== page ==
Read it again: "I have no doubts that Messi spoke with the club directors. I'm sure that Jorge and Leo have had some weight in this decision."

What does that statement say to you about the man in charge? Moreover, what does it say to the first team?

Martino steps into a position that is unlike anything he has experienced previously. Newell's Old Boys are not FC Barcelona and the two cannot conceivably be compared.

It is utter poppycock to suggest that success in the Argentinian leagues automatically qualify the man to be worthy for a shot at the top job at Barca.

His supporters will point to the job he did at Newell's during 2012-13, guiding them from the lower reaches of the league to the top, and a Copa Libertadores semifinal where they were eventually beaten by a Ronaldinho-inspired Atletico Mineiro.

There is likely to be more than a nod to his achievements at Instituto and Cerro Portenowhere Martino led his teams to Paraguayan titlesand also his work whilst coach of the Paraguayan national team.

The 2010 World Cup in South Africa where eventual winners Spain were almost knocked out by his team will no doubt rank highly on Martino's personal CV.

Yet these successes should be put into some sort of context alongside the less successful managerial stints in the Argentinian league with Colon and Platense.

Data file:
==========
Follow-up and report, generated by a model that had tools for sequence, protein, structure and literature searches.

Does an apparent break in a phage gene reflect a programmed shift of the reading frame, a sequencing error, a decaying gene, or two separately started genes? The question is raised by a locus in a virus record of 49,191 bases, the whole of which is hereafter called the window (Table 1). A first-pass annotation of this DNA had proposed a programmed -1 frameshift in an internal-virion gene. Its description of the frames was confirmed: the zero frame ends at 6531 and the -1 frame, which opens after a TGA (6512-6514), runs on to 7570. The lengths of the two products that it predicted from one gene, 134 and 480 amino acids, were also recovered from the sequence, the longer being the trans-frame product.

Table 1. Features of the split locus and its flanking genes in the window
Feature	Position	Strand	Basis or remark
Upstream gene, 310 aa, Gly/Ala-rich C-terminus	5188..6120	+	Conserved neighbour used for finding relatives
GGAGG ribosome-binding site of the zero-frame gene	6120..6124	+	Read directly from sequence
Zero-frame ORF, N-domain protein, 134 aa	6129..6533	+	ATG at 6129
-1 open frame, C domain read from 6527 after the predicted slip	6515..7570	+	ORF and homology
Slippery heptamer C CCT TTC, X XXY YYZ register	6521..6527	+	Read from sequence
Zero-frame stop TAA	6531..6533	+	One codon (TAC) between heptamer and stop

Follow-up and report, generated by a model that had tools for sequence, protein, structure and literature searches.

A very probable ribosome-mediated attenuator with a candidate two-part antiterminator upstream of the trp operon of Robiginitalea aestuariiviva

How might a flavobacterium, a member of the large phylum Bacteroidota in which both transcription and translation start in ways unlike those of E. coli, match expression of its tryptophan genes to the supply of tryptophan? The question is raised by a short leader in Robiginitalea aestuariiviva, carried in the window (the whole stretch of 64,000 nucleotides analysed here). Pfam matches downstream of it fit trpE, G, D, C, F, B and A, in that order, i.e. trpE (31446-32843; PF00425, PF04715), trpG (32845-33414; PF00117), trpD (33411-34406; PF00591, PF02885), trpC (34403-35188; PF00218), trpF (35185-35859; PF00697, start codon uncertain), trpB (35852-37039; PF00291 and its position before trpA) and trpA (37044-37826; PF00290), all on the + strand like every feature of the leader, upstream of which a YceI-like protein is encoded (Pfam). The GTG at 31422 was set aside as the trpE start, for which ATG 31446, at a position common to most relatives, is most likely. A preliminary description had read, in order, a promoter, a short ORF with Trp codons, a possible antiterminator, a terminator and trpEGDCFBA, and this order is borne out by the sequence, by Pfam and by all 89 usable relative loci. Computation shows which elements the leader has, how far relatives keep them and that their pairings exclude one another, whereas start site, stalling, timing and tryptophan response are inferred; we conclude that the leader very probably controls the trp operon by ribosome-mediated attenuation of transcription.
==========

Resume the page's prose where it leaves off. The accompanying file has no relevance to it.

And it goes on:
And lest we forget that the brand of football played by Martino with Paraguay was as far removed from the traditional Barcelona style as we are likely to see.

During his playing days at Newell's, Martino won three titles under the tutelage of Marcelo Bielsa and he is still revered as a legendary player at the Rosario-based club

His affiliation with Messi's first team was interspersed with a season at Tenerife (1991), Lanus (1994-95) and finally Barcelona—Sporting Club of Ecuador (1996)—and O'Higgins also in 1996.

Bielsa is something of a guru for Barcelona managers it would seem.

It is common knowledge that former manager Pep Guardiola holds Bielsa in the highest esteem and as Sid Lowe reported for The Guardian, it was he whom Guardiola sought counsel from when deciding whether to take the Barcelona job—a meeting that allegedly lasted for 11 hours.